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Google Glasses BANNED!

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Then facilities that want to disallow recording only have to purchase a small transmitter to provide the required disabling signal.
-SeraphimLabs (March 11, 2013, 12:00 PM)
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That's a little dicier a proposition if the disabling mechanism isn't built into the device itself. And I can't see Google willingly doing that without legislation forcing it to do so.
-40hz (March 11, 2013, 06:39 PM)
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The government is paranoid about maintaining control.

Recording devices in large numbers could very easily be pitched as a threat to national security, because lets face it the government won't be able to get away with anything if everyone who sees it can record it and show footage online. That police abuse is just the tip of the iceberg. False flags? Government inside jobs? Top secret technology? Even just possible political scandals. If they can keep it covered up just by pushing a button on the dash of the cop car, why wouldn't they.

Simply mandating that when devices are exposed to a certain transmission pattern on a certain frequency results in disabling their recording capabilities would be an easy way for them to continue to keep people ignorant. Officials then merely need to make sure these signals are being transmitted while on official functions to prevent them from being recorded, except by authorized equipment for government use only that has the option to override the shutdown signal.

It would be no more questionable than gun control, and far less difficult to implement since the consumer hardware industry would happily lobby in favor of a bill that allows them to sell small transmitters styled similar to wifi hotspots intended to provide this signal for facilities that do not allow recording equipment.

Carol Haynes:
What happens when Google glasses become indistinguishable from normal glasses?

To take the devil's advocate stance here- so we're banning things based on what others *might* do with them?  That seems a bit draconian...-wraith808 (March 10, 2013, 08:39 PM)
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  You mean like banning guns and accessories?
-Tinman57 (March 11, 2013, 07:53 PM)
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That was the (thinly veiled) point.  Thanks.  :Thmbsup:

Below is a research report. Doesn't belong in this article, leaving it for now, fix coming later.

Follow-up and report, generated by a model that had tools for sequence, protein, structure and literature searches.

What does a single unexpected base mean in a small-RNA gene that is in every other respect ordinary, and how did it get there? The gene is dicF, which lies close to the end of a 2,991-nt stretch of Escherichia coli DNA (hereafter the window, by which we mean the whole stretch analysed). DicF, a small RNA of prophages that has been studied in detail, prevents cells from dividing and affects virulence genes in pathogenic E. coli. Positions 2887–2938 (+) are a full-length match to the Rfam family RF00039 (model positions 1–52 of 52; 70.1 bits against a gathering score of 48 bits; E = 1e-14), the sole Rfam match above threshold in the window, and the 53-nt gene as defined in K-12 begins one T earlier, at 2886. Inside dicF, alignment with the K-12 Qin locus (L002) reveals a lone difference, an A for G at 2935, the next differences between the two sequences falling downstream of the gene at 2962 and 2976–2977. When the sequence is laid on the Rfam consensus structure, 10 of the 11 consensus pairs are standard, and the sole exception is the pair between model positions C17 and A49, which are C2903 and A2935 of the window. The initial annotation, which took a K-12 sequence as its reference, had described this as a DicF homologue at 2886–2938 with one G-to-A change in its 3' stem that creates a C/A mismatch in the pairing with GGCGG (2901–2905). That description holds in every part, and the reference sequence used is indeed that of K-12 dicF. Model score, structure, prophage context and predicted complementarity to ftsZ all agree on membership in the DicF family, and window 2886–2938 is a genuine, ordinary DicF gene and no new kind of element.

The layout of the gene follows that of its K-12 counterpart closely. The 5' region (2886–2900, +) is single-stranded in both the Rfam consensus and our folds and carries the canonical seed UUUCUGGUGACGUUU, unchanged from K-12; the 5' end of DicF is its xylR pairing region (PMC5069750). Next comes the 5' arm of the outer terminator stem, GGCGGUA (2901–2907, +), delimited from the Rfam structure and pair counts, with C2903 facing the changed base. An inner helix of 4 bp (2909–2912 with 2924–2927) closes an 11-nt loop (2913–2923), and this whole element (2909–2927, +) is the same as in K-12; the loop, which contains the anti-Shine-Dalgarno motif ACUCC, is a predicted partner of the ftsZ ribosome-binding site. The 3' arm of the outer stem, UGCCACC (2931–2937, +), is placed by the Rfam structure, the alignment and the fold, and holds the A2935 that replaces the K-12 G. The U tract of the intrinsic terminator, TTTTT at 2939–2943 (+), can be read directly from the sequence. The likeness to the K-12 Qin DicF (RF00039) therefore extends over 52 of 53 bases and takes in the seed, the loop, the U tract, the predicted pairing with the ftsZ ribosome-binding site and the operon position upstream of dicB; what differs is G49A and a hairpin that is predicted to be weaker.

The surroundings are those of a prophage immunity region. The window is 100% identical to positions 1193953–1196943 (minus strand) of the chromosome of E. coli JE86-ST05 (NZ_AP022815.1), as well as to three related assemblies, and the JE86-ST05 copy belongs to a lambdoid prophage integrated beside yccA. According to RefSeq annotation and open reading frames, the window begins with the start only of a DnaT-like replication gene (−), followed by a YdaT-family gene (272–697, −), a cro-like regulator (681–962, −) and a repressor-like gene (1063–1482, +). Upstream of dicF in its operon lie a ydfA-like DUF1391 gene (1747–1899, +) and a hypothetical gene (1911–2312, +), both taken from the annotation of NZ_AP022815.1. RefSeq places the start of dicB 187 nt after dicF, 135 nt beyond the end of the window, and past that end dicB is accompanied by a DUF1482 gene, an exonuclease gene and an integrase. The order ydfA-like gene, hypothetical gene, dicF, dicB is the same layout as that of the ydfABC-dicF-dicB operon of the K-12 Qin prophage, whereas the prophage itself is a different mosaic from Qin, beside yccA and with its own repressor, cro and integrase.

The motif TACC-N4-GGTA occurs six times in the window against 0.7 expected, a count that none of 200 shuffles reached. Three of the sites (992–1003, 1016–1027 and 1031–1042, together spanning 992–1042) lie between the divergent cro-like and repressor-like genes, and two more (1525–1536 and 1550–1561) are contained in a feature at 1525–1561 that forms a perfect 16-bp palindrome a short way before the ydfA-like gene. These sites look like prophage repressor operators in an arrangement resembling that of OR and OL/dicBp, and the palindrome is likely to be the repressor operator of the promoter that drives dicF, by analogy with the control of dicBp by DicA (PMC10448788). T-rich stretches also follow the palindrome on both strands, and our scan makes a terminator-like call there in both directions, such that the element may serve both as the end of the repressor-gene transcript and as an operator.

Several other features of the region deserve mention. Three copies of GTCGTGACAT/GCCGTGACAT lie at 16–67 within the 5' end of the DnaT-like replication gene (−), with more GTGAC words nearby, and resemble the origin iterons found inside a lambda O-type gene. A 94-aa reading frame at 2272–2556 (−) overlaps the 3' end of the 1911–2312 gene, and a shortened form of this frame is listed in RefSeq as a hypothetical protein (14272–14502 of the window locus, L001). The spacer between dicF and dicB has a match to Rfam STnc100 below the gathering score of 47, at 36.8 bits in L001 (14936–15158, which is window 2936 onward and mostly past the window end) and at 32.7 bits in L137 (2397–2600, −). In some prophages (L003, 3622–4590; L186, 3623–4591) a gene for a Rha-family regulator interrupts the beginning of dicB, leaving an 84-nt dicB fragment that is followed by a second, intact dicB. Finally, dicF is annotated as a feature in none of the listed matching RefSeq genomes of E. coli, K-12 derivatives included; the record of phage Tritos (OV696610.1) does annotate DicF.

But to continue, the same people saying that there out to be more bans are the same people saying that there shouldn't be controls on guns.  Hmm...

people saying that there out to be more bans are the same people saying that there shouldn't be controls on guns.  Hmm...
-wraith808 (March 11, 2013, 09:19 PM)
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A wise old college professor of mine once said that when people demand new laws, it's invariably with the intent of regulating somebody else's actions or beliefs. Never their own. Because rules are for other people.

What happens when Google glasses become indistinguishable from normal glasses?
-Carol Haynes (March 11, 2013, 08:38 PM)
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They almost are, the non-Google ones. I've been absently following this trend for years, and it's gonna come to a collision point real soon. Because between Carol and Tinman, "they can only ban what their currently stilted imaginations let them ban".

As for "magic disabling carrier frequencies", I don't see that approach really working, it will just lead to "un-moderated" Chinese versions of stuff or something.

On a show of The Panel there was a disturbing response from the panelists that "it's okay to not hire someone based on their Facebook posts because it shows bad judgement to post a pic of you getting drunk blah blah". Oh really?! Now I know why I avoid that hard place only to risk being deemed an anti-social critter for not being on there to begin with.

I love the stories of "Police say _____ _____ _____ ____". 12 hours later: "Man posts pics on Facebook denying police account." Police: "Well, um, we didn't yet have the full information on our officer's conduct".


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